ISCA Workshop on Plasticity in Speech Perception (PSP2005)
Senate House, London, UK
Preliminary results and a proposed Speech Perception Assessment and Training System (SPATS) for the aural rehabilitation of adult hearingaid and cochlear-implant users are described. The proposed system targets bottom-up, or analytic, speech-perception abilities, and has two parts: an assessment component and a training component. The assessment component provides an inventory of a client's abilities to identify the constituents of English syllables, that is, syllable onsets, nuclei, and codas in quiet and in background noise. The training algorithm adaptively selects items and noise levels so that practice is concentrated on items of moderate difficulty weighted by their importance for speech understanding. Item importance is estimated from frequency of occurrence data. Further, learning is enhanced by providing many practice trials, immediate feedback, and, following errors, rapid comparisons of intended sounds with their confusors. To encourage transfer to real-world speech, brief periods of training on words and phrases are interspersed with the training on syllable constituents. Validation studies will measure how well the assessment and training system predicts and improves general success in speech communication. In a preliminary study, five experienced hearing-aid users with sensorineural hearing loss were given 14 hours of intensive training identifying syllable-initial consonants in quiet and noise. Their performance was compared to that of five similar hearing-aid users with no special training. All listeners had moderate to severe hearing losses and had worn hearing aids for at least one year. All were pre-tested with a set of 20 consonants combined with three vowels /i,a,u/ as spoken by six different talkers. Pretests were conducted in quiet and in noise (multi-talker babble) at moderate signal-to-noise ratios (SNR's). Training was conducted with eight target consonants (TCs). The TCs were in each listener's middle range of difficulty and the three most common confusors for each target were individually selected forming target sets of four consonants. Training was conducted in quiet and noise. During training, trial-by-trial feedback was given and, following an error, the listener could rapidly compare the intended syllable with its confusor. In noise, the SNR adapted to a criterion of 80% correct. There were no differences between Training and Control listeners on the Pretests. After training, there was a significant fivepercent advantage for the trained listeners. Training generalized to talkers never heard during training. Graphs depicting the progress of adaptive training in noise are presented. [Supported by NIDCD]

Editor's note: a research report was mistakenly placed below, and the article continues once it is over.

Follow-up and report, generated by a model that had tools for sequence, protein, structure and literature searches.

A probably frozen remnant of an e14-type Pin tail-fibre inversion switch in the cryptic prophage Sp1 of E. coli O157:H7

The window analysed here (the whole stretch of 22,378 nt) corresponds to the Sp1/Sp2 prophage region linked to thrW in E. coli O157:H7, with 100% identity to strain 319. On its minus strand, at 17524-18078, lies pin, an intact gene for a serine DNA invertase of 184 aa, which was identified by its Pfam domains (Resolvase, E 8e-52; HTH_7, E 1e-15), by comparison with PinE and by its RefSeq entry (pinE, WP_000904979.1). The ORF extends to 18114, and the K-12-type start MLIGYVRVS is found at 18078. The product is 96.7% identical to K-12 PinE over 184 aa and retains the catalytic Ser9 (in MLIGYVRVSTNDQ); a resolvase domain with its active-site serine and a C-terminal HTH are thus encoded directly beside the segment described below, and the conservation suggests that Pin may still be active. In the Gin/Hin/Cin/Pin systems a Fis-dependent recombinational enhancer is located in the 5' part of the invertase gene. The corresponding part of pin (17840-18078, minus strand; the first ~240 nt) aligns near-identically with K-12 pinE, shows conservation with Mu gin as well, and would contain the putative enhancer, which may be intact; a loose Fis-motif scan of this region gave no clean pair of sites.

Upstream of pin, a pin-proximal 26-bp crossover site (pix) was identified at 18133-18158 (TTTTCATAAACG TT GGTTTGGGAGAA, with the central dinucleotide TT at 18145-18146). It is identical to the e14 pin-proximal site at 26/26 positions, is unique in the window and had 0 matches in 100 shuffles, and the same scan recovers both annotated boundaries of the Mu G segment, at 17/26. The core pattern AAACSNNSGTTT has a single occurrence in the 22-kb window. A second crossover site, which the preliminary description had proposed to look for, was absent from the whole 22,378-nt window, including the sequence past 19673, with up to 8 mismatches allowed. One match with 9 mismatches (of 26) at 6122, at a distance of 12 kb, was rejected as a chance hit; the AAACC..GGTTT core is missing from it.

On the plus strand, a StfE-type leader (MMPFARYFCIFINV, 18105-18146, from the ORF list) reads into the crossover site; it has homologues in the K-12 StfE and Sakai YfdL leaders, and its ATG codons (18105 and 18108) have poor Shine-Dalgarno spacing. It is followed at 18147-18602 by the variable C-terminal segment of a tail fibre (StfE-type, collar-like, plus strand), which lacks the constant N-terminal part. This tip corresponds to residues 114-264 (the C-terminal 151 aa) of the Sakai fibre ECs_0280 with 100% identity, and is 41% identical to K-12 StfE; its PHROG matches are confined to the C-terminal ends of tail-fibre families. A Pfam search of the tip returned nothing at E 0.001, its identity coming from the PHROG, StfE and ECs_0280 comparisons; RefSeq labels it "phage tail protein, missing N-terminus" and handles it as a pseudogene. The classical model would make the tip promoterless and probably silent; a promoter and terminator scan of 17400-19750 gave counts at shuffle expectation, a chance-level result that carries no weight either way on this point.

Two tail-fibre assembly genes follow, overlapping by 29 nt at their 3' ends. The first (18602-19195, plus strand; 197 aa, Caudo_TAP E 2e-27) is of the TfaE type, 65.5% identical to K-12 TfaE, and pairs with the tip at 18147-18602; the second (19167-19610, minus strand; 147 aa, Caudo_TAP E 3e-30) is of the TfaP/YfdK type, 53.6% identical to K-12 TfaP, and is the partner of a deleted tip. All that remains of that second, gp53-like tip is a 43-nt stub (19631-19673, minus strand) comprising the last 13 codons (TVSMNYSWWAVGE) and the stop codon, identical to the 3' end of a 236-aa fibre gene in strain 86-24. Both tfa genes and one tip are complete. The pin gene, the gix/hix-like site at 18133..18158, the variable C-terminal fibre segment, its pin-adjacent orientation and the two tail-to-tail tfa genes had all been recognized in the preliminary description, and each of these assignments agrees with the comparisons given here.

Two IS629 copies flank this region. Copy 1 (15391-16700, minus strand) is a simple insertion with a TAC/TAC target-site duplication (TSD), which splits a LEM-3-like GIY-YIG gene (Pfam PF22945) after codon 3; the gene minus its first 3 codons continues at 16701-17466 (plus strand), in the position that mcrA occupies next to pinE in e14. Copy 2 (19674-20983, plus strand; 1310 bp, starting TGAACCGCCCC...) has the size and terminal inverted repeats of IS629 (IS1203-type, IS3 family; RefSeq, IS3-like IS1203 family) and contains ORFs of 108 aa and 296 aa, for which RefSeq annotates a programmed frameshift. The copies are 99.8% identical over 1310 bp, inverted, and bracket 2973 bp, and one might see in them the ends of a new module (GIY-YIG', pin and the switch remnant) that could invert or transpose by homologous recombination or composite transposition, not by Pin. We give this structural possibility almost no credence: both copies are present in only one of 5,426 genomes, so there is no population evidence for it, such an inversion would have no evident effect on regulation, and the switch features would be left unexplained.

Bibliographic reference. Miller, James / Watson, Charles / Dalby, Jonathan / Burleson, Deborah (2005): "Training experienced hearing-aid users to identify syllable constituents in quiet and noise", In PSP2005, 237 (abstract).